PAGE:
When Rama, with Sita and Lakshmana, in the course of their wanderings, entered the vast Dandaka forest, they were welcomed by the ascetics living there with offerings of fruits and flowers. They begged Rama to protect them from the rakshasas roaming in the forest. Sita was once carried off by the demon Viradha whom the two brothers attacked with arrows and other weapons. Sita was saved and the demon, possessed of tremendous strength, was destroyed, but with great difficulty. Further on their way they arrived at the hermitage of the sage Sarabhanga. This sage had acquired great merits by penances. The god Indra himself had come to conduct the sage to Brahma-loka, but he refused to accompany Indra as he intended to enjoy Rama's presence at his hermitage. Sarabhanga, gratified by Rama's visit, ascended to Brahma-loka. The ascetics who assembled there supplicated Rama to defend the countless Brahmins and ascetics living in the forest from the cruel persecution of the Titans. Rama consented to slay these demons.
Sita, out of love for her consort, implored Him not to attack the demons without provocation, as that would amount to a sin. Realizing the sufferings of the pure-soured ascetics of virtuous practices, Rama had promised them protection; a promise He could not violate. Meeting several sages, the holy Sutikshna, who was Agastya's brother, Rama, Lakshmana, and Sita, after ten years, arrived at the hermitage of the sage Agastya where several other ascetics were also living. Beside the hermitage is seen a tranquil lake full of lotus flowers and leaves. The holy sage, seen seated on a deer skin in front of Rama, rests his left arm on an ascetic's crook. Agastya, with a feeling of bliss visible on his face,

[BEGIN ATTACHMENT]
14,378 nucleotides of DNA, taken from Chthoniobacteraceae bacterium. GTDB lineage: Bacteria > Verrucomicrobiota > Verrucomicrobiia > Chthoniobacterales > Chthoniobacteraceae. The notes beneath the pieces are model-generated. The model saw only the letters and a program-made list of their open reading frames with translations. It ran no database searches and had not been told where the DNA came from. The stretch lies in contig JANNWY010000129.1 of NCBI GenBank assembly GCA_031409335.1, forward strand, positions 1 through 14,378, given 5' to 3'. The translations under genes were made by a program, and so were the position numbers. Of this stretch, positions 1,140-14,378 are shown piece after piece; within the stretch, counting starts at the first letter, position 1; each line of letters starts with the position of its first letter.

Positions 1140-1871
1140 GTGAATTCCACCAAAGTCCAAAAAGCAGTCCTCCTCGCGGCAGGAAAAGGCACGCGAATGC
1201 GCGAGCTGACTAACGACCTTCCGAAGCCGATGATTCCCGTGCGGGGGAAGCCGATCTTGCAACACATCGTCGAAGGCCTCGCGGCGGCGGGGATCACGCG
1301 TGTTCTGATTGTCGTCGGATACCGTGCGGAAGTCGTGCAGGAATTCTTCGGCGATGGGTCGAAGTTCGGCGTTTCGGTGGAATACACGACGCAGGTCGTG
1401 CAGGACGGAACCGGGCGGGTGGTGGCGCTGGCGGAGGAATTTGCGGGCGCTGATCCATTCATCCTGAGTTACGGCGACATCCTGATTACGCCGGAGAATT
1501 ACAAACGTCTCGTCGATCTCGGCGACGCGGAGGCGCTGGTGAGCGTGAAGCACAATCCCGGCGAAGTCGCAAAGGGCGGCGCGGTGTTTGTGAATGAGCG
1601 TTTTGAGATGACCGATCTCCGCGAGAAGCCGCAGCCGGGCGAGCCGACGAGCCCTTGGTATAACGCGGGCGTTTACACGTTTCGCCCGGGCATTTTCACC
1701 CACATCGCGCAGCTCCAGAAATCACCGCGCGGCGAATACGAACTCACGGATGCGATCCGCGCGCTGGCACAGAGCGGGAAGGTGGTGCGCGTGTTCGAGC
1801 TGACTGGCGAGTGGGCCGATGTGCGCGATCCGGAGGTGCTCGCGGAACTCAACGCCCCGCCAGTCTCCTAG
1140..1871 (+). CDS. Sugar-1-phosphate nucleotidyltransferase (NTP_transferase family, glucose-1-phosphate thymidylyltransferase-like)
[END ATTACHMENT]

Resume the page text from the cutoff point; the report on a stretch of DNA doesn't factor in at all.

beholds with veneration the handsome countenance of Rama. The sage, as a symbol of homage, offered Rama fruits, roots, flowers, water and other things in great profusion. The illustrious sage also gave Rama mighty weapons of god Vishnu - a powerful bow, a Brahma-datta dart resembling the sun, two inexhaustible quivers filled with sharp arrows, and a sword. Rama felt overwhelmed with the favors shown to him and paid obeisance to the great sage and expressed his gratitude. Rama requested the sage to indicate to him a place abounding in trees and with abundant water where they could dwell in peace. The sage suggested they should live at Panchavati where roots, fruits, and water abounded, and where there were many deer. He said that it was an enchanting woodland close to the Godavari river that would delight Sita.
The inclusion of bushes in profusion, trees of various shapes, and even leafless trees seen in the painting, enhance the beauty of the landscape. The bushes also add to the textural value of the painting. The tall tree with thick foliage under which Rama is seated symbolizes the greatness of the hero.